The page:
Many young borrowers are taking out reverse mortgages for the wrong reasons. Instead of using the extra money to live out their final years in comfort in their family home, the money is going to much-needed cash to cover short-term financial shortfalls. Which leads us to the next stat…

7) Baby boomers are not well-prepared for retirement

The conclusion of the 2017 Retirement Income Literacy Survey by the American College of Financial Services wasn’t too good. It stated that roughly three out of four people between the ages of 60 and 75 could not pass a quiz on basic retirement income concepts.

The majority of the questions missed dealt with:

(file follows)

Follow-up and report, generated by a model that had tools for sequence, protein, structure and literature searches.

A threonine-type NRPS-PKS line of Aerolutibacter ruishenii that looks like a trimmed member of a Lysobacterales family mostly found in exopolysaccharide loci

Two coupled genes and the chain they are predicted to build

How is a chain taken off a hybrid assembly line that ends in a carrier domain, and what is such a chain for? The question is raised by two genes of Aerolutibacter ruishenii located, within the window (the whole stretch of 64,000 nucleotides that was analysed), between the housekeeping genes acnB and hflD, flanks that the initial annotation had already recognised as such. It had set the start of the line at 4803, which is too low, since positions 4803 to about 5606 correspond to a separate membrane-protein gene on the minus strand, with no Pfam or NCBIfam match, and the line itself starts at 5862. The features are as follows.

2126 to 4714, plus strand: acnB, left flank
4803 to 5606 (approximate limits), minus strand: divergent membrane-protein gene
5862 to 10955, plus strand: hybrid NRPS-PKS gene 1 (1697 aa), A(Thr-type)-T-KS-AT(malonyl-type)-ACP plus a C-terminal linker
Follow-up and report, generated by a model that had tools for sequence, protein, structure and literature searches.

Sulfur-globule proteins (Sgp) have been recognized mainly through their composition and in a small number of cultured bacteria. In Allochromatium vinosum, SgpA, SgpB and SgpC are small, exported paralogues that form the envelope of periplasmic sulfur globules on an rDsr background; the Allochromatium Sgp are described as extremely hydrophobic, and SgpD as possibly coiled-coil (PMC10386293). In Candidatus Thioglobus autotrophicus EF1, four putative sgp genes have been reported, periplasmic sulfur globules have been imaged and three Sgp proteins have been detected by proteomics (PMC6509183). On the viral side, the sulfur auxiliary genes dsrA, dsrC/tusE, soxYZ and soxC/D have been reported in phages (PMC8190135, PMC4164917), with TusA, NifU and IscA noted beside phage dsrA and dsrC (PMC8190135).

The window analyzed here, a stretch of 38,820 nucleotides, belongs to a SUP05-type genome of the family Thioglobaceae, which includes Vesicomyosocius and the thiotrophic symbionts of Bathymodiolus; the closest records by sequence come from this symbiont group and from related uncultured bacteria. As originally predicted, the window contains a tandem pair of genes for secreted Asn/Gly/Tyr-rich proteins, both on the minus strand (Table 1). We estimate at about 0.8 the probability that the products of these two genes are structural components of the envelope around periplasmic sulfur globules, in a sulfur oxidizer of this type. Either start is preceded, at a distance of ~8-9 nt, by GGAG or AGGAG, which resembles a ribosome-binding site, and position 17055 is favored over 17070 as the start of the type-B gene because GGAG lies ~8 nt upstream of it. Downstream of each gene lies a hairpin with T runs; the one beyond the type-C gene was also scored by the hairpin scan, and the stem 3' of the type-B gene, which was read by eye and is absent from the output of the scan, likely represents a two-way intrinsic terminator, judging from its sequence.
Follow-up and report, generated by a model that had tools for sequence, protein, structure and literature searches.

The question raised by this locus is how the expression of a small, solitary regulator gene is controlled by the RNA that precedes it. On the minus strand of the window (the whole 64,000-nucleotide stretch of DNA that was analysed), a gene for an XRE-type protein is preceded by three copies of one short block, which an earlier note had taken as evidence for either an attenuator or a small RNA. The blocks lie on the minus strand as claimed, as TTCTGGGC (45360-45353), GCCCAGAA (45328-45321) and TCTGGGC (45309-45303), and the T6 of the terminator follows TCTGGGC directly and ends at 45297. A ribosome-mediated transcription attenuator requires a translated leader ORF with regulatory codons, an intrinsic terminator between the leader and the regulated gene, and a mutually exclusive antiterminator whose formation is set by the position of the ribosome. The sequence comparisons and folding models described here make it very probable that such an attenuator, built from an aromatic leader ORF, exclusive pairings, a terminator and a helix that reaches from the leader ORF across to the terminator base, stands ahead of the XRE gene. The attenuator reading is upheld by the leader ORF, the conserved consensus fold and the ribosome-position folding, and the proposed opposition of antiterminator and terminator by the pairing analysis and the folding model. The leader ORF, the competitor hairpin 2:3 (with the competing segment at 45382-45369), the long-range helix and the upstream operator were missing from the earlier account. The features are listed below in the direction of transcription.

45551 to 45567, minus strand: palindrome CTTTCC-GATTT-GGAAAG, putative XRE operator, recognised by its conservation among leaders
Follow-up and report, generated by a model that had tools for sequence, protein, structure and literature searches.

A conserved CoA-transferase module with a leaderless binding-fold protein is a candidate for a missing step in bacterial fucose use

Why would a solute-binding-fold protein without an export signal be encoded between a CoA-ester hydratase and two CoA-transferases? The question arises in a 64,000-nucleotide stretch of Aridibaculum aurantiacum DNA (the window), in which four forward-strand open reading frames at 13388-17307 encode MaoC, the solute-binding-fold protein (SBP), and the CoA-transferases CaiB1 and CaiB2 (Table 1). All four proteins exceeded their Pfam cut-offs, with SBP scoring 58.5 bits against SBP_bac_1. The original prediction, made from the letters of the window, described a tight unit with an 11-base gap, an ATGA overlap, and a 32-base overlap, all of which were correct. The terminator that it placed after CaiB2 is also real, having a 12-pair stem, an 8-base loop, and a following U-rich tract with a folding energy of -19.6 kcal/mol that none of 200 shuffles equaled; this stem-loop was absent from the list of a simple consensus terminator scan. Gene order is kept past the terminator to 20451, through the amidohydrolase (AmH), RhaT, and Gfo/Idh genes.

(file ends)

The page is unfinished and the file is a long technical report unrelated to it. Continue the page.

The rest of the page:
• Social Security
  • investing
  • long-term care

Fewer than 1% aced the quiz, results that David Littell, the retirement income program co-director at The American College described as “alarming.”

The median 401(k) balance of someone in the 55-64 age group is $177,805, according to a report from Vanguard. Using the commonly used “4% rule” of retirement, this translates to sustainable income of just $7,112 per year in retirement.

Even when combined with Social Security income, this isn’t nearly enough for most retirees to sustain their quality of life. Worse yet, 45% of baby boomers report having no retirement savings whatsoever.

8) Boomers are unfamiliar with investment basics

Here’s a few more stats from the Retirement Income Literacy Survey discussed above:

  • 80% understood mutual fund investing was less risky than single stock investing
  • Most didn’t realize small company stocks generally deliver bigger returns than other types of stock and bond investments